Sensing and AI inference replacing tedious programming
AI has many applications in sorting through volumes of big data coming from manufacturing floors today. At the edge, higher speed, higher resolution sensors including video reveal more about processes and product quality than ever. Instead of creating and programming complex models, manufacturers are turning to edge AI inference to quickly judge outcomes, predict movements, and meet goals.
Historically, human inspectors did meticulous, hands-on inspection of finished goods, gauging conformance to desired quality. Not only are these techniques time-intensive, they can be mind numbing with hour-after-hour, day-after-day repetition.
Increasing throughput requires automation of visual inspection techniques. Ideally, goods can be inspected as they flow through the production line, even at each step. Rejecting flawed goods sooner in the process reduces costs, simplifying rework and preventing accumulation of errors. High-resolution video can spot minute anomalies or flaws.
Maximizing productivity means running AI-based visual inspection at the pace of production, making decisions within a short period of time as goods appear. Automation never tires, and makes equally good decisions at the beginning and end of a shift.
Robotics programming is an artform. Conventional industrial automation robots with six degrees of freedom have their own programming languages and syntax. There are also many rules, particularly around safety of movements preventing damage or harm.
Programming involves a lot of trial and error. Understanding both the process steps and the manipulation capability of the robot is required for successful configuration. Robotic programming is only as good as the programmer’s ability to foresee and code for any unexpected situations.
One technique gaining momentum is human-guided learning, where a human demonstrates the motions for the robot. Also in play are unsupervised learning techniques such as generative adversarial networks (GANs), These techniques focus on reducing the time and effort needed to bring a robot up to speed.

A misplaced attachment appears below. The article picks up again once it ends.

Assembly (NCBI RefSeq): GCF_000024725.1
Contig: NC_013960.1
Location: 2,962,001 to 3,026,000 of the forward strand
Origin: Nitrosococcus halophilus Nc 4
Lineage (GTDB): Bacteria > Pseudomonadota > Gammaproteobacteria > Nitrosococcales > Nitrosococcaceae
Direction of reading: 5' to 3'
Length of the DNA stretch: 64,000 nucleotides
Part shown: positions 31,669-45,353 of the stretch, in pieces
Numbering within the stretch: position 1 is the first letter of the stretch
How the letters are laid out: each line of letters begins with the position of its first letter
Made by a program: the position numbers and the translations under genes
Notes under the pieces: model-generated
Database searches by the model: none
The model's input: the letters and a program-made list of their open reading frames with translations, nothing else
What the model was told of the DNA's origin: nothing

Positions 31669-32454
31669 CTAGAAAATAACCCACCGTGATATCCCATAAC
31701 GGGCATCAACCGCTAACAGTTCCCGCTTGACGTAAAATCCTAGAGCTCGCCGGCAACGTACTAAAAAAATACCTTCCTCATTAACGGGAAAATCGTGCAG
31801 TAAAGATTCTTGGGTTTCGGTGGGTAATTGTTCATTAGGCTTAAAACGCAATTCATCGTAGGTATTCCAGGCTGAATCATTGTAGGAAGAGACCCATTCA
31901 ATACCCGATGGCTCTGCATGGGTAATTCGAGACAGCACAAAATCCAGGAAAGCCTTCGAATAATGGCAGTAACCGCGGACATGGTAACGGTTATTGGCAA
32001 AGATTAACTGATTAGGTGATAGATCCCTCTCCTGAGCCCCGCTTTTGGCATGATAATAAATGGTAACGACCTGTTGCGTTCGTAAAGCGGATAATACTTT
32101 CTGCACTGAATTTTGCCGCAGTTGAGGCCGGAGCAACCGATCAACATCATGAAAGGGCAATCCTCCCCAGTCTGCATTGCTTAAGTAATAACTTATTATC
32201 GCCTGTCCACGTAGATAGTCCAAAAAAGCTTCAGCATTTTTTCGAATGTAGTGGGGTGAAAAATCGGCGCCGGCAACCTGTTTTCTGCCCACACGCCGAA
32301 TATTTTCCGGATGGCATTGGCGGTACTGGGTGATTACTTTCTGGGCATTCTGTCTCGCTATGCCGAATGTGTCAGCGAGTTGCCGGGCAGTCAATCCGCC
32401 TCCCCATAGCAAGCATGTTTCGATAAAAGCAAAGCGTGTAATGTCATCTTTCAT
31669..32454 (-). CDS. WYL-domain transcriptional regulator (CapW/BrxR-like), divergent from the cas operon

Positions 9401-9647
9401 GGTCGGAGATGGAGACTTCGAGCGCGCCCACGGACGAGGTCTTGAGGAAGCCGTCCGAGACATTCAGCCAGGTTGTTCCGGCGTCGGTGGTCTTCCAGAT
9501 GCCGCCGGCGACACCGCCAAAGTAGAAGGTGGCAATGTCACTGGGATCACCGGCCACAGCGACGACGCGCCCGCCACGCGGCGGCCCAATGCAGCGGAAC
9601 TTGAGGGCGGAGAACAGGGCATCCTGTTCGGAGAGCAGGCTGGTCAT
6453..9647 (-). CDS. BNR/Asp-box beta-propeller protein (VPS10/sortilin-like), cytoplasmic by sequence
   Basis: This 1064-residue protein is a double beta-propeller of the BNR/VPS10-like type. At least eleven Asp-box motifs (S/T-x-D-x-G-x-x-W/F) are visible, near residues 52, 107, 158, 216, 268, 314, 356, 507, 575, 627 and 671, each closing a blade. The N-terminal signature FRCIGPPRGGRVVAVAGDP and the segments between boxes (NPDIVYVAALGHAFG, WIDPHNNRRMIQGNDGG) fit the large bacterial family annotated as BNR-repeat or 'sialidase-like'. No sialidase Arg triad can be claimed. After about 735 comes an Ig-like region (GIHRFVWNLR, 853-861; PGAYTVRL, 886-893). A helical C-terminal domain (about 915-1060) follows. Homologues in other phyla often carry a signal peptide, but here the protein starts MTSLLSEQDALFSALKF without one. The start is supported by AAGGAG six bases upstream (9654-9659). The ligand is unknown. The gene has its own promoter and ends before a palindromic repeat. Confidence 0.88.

In a modern manufacturing environment, robots generally do not work alone. Multiple robots engage in a sequence of activities, and sometimes several robots work in coordination on a single step of the process. Robots may also be involved in fetching raw materials and shuttling them to the production line, like in an automated warehouse.
How robots choose their path of motion can make a huge difference in throughput and efficiency. It’s not unlike the requirements for self-driving cars, albeit on a closed circuit under much more controlled conditions. Robots must understand a map from start to destination, and navigate successfully while avoiding collisions.
AI inference enables perception, prediction, and planning phases needed to sense objects and make motion decisions, and can help learn the most efficient paths.
Powerful AI inference IP enables more sophisticated models
- SAKURA ASIC delivers 40 TOPS in 10W of power, and up to five chips can be tied together via PCIe in a configuration for 200 TOPS.
- The same DNA IP in the SAKURA ASIC can be configured into fast FPGA AI accelerator cards, adding reconfigurability to high performance.
- MERA Software Framework for AI takes models from standard machine learning platforms including PyTorch, TensorFlow, and ONNX.